Film-maker Andrew Hasse recently released a short documentary about his 97-year-old grandfather, Herbert Fingarette who passed away in 2018.

    The filmBeing 97, shows Fingarette, in scenes from his life, discussing what it means and what it feels like to face one’s own mortality. This all the more interesting due to the fact that Fingarette was a professor of philosophy at the University of California Santa Barbara for over forty years and spent his life thinking about how one ought to live in order to live well. Emily Buder of The Atlantic, describes it this way,

    “Being 97 is a poignant film that explores the interiority of senescence and the struggle of accepting the inevitable. Hasse quietly observes the things that have come to define his grandfather’s existence: the stillness of time, the loss of ability, and the need to come to terms with asking for help. “It’s very difficult for people who have not reached a state of old age to understand the psychology of it, what is going on in a person,” Fingarette says.”

    More striking about this man is that 20 years ago his final published book was on death. In it, he grappled with the meaning of death and came to the conclusion that death means nothing since there is nothing beyond this life and thus should illicit neither fear nor dread in us.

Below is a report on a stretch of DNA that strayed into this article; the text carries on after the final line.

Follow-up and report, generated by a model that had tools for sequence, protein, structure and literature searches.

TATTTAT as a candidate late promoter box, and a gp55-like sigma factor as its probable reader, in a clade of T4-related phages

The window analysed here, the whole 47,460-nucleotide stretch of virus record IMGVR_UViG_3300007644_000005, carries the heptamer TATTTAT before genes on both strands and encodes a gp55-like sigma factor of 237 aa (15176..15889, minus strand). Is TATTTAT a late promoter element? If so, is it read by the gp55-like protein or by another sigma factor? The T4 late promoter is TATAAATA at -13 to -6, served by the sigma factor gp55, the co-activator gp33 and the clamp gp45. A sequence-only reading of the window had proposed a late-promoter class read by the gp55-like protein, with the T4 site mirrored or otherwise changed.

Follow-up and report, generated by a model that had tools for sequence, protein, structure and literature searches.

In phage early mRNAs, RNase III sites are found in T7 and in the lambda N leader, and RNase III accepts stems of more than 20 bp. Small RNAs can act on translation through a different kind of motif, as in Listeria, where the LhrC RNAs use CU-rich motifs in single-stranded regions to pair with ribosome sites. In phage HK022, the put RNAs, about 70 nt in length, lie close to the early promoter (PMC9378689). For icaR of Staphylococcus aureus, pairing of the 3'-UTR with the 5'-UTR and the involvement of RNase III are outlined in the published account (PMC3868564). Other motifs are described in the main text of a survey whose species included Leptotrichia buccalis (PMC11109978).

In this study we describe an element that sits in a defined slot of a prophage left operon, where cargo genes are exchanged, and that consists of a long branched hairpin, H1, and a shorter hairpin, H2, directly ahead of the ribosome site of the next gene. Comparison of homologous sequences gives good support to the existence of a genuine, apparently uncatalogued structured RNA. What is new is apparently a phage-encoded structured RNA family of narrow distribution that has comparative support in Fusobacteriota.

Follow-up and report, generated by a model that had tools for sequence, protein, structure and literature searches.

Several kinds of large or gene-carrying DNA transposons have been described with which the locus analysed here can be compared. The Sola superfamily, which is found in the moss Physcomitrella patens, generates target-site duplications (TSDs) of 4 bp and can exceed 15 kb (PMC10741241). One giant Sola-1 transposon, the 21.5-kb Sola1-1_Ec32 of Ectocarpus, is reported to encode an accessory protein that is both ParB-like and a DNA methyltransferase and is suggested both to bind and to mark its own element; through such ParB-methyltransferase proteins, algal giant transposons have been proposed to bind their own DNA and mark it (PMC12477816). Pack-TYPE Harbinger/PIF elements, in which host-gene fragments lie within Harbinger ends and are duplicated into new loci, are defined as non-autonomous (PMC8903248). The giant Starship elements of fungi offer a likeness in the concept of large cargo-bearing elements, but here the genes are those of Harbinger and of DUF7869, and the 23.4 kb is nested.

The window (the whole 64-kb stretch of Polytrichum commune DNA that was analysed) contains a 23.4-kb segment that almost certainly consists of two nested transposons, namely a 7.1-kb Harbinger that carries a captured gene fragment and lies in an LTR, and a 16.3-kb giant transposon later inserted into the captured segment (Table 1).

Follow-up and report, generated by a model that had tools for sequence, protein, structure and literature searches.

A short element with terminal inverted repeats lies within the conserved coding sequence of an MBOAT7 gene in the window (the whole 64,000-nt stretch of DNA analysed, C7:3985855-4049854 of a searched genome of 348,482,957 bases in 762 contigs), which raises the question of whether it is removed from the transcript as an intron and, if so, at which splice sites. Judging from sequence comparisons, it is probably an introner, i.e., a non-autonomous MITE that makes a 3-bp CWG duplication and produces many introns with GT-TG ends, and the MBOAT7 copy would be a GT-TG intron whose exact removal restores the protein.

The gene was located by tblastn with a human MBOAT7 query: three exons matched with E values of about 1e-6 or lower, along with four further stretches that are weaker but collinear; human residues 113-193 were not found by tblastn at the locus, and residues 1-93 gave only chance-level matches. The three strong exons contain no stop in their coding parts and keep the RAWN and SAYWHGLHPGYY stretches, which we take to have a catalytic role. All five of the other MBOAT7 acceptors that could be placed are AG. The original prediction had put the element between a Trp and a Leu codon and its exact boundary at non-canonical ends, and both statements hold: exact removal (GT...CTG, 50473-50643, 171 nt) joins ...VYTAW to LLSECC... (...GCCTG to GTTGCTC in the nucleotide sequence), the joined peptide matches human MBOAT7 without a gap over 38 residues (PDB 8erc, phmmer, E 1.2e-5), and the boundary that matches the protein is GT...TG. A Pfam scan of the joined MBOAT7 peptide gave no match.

That was then, however, now the prospect of losing his life – the reality of death – has caused him to confront the question of death more intensely and more personally. The rigidity and stoicism has lessened. He began to question the pride of his early claims and to realize that life and death are much more complicated. The take away from the film, other than the gripping portrayal of aging and its struggles (something we must all reckon with), seems to be that there may be more to death. It could be that our desire to hold on to life tells us something about what death means. Even for a hardened philosopher, facing one’s end brings humility and perhaps a sense of the mystery of eternity – that there may be more to our lives. It may also illustrate that reason without faith and beauty leads in the end not to freedom but to a dark 1aprison of our own making.

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